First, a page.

206 Reducing Surgical Instrument Bioburden through Intra-lumen Video Imagery- What You Can't See May Hurt You

Friday, March 19, 2010
Grand Hall (Hyatt Regency Atlanta)
Lisa Sturm, MPH, CIC , University of Michigan Health System, Ann Arbor, MI
Jahan Azizi, CBET , University of Michigan Health System, Ann Arbor, MI
Julia Jackson, CST, MEd, FAST , University of Michigan Health System, Ann Arbor, MI
Karen Bett, MT(ASCP), CSPDS , University of Michigan Health System, Ann Arbor, MI
Susan Anderson, MSN, MBA, CPHRM , University of Michigan Health System, Ann Arbor, MI
Shawn Murphy, RN, BSN, MS , University of Michigan Health System, Ann Arbor, MI
Carol Chenoweth, MD , University of Michigan Health System, Ann Arbor, MI


Background:   Bioburden on instruments can interfere with complete sterilization of instruments and therefore presents a potential risk to subsequent patients. Our institution has been working aggressively to reduce bioburden found on surgical instruments to zero. 

Objective:   To assess the effectiveness of manufacturer's recommendations for cleaning and to optimize decontamination protocols for reducing bioburden on instruments through use of an endoscope to view the internal lumens of the instruments.

Methods:   A 2.7 mm endoscope was passed into the lumen of instruments taken from reprocessed sterile surgical trays over a 3 week period in 10/09.  Problem-prone trays were selected based on history of bioburden (Otolaryngology, Neurosurgery (NS), and Orthopedic).   Those instruments with bioburden were analyzed again with the endoscope following manufacturer's cleaning recommendations using various size brushes, soaking for various periods of time in enzymatic detergent and/or cycling for various amounts of time in the ultrasonic machine. (Table)  Bioburden was verified using a blood residue test kit.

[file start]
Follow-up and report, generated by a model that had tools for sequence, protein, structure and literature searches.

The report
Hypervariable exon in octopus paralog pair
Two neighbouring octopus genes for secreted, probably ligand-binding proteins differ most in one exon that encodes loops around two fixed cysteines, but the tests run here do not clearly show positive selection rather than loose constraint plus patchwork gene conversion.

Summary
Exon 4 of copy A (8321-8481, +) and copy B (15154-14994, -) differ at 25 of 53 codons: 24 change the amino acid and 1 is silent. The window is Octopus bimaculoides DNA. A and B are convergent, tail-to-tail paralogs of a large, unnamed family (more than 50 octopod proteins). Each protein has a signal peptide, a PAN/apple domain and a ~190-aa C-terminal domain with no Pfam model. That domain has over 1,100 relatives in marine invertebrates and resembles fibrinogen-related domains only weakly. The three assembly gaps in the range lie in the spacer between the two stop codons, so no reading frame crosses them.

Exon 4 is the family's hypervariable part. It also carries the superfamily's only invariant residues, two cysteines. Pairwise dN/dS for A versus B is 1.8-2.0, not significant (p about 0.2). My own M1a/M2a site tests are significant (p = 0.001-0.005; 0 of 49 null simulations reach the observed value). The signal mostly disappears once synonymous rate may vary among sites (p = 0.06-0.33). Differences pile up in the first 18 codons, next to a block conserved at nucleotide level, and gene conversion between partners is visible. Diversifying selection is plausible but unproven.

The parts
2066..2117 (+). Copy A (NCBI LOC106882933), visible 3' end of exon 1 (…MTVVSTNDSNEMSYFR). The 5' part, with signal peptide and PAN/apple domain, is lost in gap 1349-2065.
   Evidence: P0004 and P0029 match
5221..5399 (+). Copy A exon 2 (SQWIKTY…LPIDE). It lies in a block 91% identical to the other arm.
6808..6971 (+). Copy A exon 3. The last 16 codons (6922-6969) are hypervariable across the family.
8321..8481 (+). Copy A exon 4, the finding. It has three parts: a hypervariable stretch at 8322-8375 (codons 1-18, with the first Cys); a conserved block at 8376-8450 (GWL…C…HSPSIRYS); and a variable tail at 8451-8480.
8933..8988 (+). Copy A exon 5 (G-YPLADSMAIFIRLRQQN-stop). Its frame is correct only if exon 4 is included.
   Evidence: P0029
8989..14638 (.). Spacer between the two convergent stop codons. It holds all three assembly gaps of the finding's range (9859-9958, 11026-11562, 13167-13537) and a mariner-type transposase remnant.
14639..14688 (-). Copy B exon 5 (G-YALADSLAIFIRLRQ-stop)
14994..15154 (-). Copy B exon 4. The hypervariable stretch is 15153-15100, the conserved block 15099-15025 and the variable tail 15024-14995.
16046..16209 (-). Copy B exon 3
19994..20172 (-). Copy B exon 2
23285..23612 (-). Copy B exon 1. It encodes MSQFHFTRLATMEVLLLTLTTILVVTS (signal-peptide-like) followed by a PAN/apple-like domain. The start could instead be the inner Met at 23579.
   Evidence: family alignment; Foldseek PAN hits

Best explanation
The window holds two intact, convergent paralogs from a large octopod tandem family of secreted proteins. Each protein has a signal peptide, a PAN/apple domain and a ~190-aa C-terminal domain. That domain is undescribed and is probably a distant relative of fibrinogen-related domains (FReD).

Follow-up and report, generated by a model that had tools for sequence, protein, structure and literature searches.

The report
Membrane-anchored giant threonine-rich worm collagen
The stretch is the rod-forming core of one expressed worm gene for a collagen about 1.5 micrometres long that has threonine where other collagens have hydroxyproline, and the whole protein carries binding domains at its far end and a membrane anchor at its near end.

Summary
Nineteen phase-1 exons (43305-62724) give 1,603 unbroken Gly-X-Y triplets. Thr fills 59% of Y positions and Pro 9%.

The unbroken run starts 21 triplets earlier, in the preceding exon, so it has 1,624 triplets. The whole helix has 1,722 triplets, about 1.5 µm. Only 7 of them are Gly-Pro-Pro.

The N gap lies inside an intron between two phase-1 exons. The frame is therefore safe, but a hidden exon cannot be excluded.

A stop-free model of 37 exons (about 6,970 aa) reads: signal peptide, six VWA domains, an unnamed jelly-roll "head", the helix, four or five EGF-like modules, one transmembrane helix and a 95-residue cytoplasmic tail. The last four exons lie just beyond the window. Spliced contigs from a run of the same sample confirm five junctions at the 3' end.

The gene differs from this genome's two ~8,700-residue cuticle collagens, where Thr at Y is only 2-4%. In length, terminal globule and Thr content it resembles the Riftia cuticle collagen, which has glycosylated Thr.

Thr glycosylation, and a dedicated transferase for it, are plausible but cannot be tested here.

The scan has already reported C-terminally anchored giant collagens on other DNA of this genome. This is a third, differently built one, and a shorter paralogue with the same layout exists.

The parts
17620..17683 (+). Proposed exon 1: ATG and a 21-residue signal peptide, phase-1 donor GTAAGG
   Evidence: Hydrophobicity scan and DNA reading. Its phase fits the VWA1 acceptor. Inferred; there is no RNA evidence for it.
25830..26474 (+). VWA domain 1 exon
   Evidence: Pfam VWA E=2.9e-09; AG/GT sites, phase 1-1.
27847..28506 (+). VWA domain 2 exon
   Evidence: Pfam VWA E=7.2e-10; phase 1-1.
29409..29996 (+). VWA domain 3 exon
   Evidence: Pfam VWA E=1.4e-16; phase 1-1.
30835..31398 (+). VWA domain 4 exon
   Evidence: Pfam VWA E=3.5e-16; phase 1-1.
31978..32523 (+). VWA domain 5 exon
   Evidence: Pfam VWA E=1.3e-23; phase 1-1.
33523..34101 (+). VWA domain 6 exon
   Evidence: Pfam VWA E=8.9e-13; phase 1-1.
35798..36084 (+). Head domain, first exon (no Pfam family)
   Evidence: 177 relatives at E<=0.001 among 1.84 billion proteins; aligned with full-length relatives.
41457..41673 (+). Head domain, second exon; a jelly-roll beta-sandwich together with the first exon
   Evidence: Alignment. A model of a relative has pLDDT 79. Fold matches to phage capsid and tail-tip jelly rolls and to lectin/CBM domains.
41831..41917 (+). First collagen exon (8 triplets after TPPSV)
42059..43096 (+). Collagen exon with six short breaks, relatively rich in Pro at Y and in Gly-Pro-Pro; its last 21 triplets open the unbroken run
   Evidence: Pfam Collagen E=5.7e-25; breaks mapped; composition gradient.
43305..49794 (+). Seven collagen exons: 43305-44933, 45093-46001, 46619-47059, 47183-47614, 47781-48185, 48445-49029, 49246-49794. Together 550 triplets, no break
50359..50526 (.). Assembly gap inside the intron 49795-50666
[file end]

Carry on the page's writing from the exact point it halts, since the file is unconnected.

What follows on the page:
Phase 1:  144 suction tips from 12 NS trays analyzed.  

Phase 2:  350 suction tips from 36 trays analyzed.

Phase 3:  16 suction tips/shavers from 8 trays processed as in Phase 2, using wire brushes to clean the lumens (versus manufacturer's recommended nylon bristle brushes).

Results: A total of 56 trays containing 510 lumened instruments were analyzed over the three phases of the experiment.

Phase 1:

Cleaning Protocol

# instruments with  Bioburden/Foreign Matter (%)

Taken from inventory shelf


144 (100%)

After Routine decontamination (N=144)

108 (75%)

After additional soaking .78% enzymatic detergent x 20 min. (N=108)

70 (65%)

After additional 1 cycle in ultrasonic machine (N=70)

42 (60%)

After additional soak in enzymatic x 20 min and x  2 cycles in ultrasonic (N=42)


After repeated soaking in enzymatic x 20 min., x 1 ultrasonic, re-brushing (N=21)

17 (80%)

Soaked overnight in concentrated enzymatic (N=17)

17 (80%)

Phase 2:  350 (100%) of the suction tips analyzed contained bioburden/foreign matter inside the lumens upon first inspection.  333 (95%) remained contaminated after following manufacturer's recommendations for reprocessing.  

Phase 3:  All 16 (100%) suctions tips had traces of bioburden/foreign matter remaining after cleaning with the wire brushes.  


Conclusions: The design of surgical instruments, especially those with lumens, can make cleaning, and sterilization difficult to accomplish.  Users should refer to the manufacturer's recommendations for instrument reprocessing; however, inapparent bioburden may still be present.  Instrument manufacturers need to take into account ease of cleaning and sterilization in their design standards for maximum patient safety.